International. (Legal Reporter)

By Anderson, Teresa | Security Management, October 2002 | Go to article overview

International. (Legal Reporter)


Anderson, Teresa, Security Management


Privacy. The Supreme Court of Canada has ruled that information gleaned during investigations conducted by government agencies must be disclosed after the investigation unless there is a reasonable expectation that injury will occur because of the disclosure. The decision narrows the application of the country's Privacy Act, which protects the confidentiality of private sector information during government investigations.

Robert Lavigne worked in the Montreal office of the Department of National Health and Welfare in the early 1990s. Between November 1992 and March 1993, he filed four complaints with the Commission of Official Languages alleging that his rights had been violated because he had been forced to communicate only in French while at work.

Investigators from the commission questioned 25 of Lavigne's coworkers, but many were reluctant to talk, fearing reprisals. The investigators explained that under Canada's privacy laws, their comments would be confidential. After conducting its investigation, the commission concluded that Lavigne's complaints were legitimate and ordered his employer to make changes to workplace language rules.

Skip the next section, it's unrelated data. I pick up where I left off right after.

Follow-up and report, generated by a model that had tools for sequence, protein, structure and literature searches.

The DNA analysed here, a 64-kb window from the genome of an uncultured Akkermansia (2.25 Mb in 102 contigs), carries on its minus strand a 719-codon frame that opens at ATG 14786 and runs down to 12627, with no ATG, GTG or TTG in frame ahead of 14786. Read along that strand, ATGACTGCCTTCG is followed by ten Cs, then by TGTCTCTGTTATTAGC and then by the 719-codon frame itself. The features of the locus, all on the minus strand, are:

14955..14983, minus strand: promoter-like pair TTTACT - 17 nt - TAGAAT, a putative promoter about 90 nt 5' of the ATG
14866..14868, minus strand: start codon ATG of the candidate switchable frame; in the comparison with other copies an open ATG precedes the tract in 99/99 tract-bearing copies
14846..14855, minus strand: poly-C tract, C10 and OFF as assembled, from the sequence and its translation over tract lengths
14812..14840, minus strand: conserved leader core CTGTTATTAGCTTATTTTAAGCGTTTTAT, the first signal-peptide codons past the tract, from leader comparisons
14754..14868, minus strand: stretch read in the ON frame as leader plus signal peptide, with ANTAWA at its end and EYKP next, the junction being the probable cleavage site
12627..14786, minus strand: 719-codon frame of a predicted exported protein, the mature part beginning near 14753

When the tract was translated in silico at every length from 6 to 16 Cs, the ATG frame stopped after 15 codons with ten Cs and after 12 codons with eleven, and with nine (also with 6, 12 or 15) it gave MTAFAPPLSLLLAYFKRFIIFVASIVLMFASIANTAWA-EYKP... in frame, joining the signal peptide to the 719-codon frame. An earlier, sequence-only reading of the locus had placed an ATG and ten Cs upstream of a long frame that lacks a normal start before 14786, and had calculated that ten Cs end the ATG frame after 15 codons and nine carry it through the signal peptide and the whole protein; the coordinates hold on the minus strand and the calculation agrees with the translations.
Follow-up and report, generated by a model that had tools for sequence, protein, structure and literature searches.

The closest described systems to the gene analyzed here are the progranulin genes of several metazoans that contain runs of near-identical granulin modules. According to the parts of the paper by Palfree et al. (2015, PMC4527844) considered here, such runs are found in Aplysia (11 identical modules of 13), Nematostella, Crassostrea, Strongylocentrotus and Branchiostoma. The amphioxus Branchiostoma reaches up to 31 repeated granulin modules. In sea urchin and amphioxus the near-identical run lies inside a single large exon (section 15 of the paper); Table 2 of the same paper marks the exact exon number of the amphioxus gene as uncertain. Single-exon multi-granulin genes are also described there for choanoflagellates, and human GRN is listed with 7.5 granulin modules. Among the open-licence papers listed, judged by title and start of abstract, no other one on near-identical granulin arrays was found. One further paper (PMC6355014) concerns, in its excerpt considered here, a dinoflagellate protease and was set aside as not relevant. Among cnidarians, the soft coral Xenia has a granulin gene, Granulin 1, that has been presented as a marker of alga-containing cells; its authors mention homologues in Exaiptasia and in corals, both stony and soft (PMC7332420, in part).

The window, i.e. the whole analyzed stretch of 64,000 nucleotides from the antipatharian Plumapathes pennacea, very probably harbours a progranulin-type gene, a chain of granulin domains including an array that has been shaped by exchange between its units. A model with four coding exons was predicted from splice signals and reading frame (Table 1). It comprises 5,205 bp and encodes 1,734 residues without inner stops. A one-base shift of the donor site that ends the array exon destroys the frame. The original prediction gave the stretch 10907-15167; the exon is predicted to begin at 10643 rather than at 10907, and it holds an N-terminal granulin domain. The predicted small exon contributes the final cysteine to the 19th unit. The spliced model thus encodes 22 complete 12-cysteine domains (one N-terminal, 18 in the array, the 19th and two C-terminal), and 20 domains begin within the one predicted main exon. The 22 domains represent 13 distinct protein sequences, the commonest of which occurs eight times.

Meanwhile, Lavigne pursued his case in court. The Federal Court found in favor of Lavigne and awarded him $3,000 (Canadian) in damages.

While the court proceedings were underway, Lavigne requested a complete copy of his case file from the commission. The commission sent him his personal information--which may be legally released--but omitted other items protected under law, such as interviews with coworkers.

Lavigne filed a complaint with the country's Privacy Commissioner, who began an investigation. In an attempt to mediate the dispute, the commissioner sent release forms to all of the individuals questioned in the original investigation asking if their statements could be released to Lavigne. Fifteen people signed the forms, but 10 people either refused to have their statements released or could not be located to sign the form. …

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